Sweet rocket: easy and super-scented

June 16th, 2017 | Plant Talk with Graham Rice | 0 Comments

Sweet rocket (Hesperis matronalis)

Sweet rocket is one of the most fragrant plants we can grow and it’s so easy that I’m surprised we don’t see it more often. It has prolific heads of four-petal flowers, like those of wallflowers, but in softer shades of purple, lilac and white.

Plants in these shades are ideal scattered amongst bearded irises, Oriental poppies and other early summer perennials. Although the seed usually comes in a mix of colours, if you pull out plants in colours you’re less happy with then after a few years you’ll only have plants in the shades you prefer.

This is a biennial which may sometimes last an extra year or two if not too much energy goes into producing seed, so prompt deadheading is the way to go if you’d like it to last beyond its first flowering season.

It’s called sweet rocket because it’s related to edible rocket but has a superb evening scent. It also has a large number of other common names including dame’s rocket, night-scented gilliflower, summer lilac, and mother-of-the-evening. This profusion is usually associated with British natives but, although it grows wild over much of the rest of Europe, it’s not native to Britain. It has, however, been grown in British gardens since 1375 and was noticed as an escape from gardens from 1805.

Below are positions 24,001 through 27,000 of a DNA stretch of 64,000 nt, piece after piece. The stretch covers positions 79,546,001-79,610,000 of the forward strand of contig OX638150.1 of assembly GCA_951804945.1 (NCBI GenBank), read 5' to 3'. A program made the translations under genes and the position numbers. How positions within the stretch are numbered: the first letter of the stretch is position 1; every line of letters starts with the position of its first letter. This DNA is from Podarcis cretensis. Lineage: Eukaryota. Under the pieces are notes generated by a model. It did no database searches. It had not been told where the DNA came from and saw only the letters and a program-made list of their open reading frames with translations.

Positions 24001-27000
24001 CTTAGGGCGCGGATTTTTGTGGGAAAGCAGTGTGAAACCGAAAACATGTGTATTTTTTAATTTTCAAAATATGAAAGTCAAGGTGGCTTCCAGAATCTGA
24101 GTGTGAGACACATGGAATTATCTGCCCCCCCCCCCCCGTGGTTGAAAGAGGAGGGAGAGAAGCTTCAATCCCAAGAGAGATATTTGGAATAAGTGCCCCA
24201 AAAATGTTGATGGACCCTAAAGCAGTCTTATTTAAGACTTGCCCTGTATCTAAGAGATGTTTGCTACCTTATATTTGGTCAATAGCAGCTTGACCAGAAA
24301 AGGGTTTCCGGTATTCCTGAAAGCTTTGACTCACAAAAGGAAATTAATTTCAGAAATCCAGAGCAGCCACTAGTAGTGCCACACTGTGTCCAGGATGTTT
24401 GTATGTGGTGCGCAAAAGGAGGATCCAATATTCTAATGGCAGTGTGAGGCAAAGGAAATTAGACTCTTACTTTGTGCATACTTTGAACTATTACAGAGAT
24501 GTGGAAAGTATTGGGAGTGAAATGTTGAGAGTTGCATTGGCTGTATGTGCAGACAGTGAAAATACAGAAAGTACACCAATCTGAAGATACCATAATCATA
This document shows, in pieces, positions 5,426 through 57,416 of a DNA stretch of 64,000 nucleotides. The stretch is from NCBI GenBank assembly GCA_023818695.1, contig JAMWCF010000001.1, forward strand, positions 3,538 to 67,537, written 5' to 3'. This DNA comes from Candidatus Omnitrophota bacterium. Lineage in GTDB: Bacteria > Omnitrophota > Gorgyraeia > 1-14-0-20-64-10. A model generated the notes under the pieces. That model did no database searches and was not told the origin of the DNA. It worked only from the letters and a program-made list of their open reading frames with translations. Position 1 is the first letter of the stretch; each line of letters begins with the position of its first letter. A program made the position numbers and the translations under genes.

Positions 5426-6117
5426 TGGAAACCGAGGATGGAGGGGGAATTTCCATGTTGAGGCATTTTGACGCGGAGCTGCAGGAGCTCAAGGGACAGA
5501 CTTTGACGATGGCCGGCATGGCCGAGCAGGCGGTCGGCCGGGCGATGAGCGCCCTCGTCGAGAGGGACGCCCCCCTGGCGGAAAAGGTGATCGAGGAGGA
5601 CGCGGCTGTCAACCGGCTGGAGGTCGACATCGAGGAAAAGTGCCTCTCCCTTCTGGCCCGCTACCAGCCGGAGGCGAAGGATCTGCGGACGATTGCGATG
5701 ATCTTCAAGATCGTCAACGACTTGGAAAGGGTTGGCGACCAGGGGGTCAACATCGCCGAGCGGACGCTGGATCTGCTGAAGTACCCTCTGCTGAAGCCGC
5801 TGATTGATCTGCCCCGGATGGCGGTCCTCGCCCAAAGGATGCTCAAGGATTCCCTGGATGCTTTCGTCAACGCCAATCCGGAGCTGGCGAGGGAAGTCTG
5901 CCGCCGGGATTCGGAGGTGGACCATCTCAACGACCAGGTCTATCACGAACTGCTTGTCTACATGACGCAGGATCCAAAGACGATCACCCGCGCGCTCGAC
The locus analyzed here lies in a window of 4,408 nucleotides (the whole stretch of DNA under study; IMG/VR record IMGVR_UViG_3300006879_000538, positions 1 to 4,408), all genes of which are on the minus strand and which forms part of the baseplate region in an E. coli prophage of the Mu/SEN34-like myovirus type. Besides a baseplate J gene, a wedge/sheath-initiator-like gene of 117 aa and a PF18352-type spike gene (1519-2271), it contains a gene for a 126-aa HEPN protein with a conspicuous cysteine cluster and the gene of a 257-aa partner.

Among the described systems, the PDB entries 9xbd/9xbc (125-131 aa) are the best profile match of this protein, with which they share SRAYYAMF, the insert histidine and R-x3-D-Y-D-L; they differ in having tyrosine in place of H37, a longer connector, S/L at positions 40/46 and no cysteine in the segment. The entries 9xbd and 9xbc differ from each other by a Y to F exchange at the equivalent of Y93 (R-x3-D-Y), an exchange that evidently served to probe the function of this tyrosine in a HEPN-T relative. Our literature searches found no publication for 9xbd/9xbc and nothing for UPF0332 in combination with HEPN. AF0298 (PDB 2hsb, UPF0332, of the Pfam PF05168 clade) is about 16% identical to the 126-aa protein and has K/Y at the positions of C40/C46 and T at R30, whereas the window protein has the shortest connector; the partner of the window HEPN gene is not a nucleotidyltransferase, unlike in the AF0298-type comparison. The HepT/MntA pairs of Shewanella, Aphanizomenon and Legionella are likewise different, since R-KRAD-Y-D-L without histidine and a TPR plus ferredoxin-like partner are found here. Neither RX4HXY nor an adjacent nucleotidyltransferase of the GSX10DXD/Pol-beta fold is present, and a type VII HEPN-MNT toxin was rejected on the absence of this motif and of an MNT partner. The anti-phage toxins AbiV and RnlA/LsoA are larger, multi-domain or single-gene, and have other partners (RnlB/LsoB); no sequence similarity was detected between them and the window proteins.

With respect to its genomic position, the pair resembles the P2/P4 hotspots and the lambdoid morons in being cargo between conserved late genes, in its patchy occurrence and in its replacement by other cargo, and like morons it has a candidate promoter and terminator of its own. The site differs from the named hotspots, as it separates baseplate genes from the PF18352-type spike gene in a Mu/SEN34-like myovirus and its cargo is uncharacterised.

The best seed sowing time is over the next six weeks so order seed now. There are two approaches to sowing. If you garden in an old fashioned, informal cottagey style you can simply scatter some seeds in the borders and enough will come up. You get 500 seeds in a packet so you’ll have plenty and, as I write, Mr F is offering seed at almost 50% off.

Alternatively, if you garden in a more organised way, you may prefer to sow the seed in a seed bed, thin the seedlings to 5cm apart and then, in the autumn, move them to where you’d like them to flower.

Oh. I must also mention that if you ever come across the double white flowered form – snap it up, it’s gorgeous. It’s called ‘Alba Plena’, it never sets seed, is a devil to propagate and will usually only last a few years. But it really is lovely.

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Is one of our best known gardening writers. A graduate of the Royal Botanic Gardens, Kew, Graham was previously Gardening Correspondent of The Observer.
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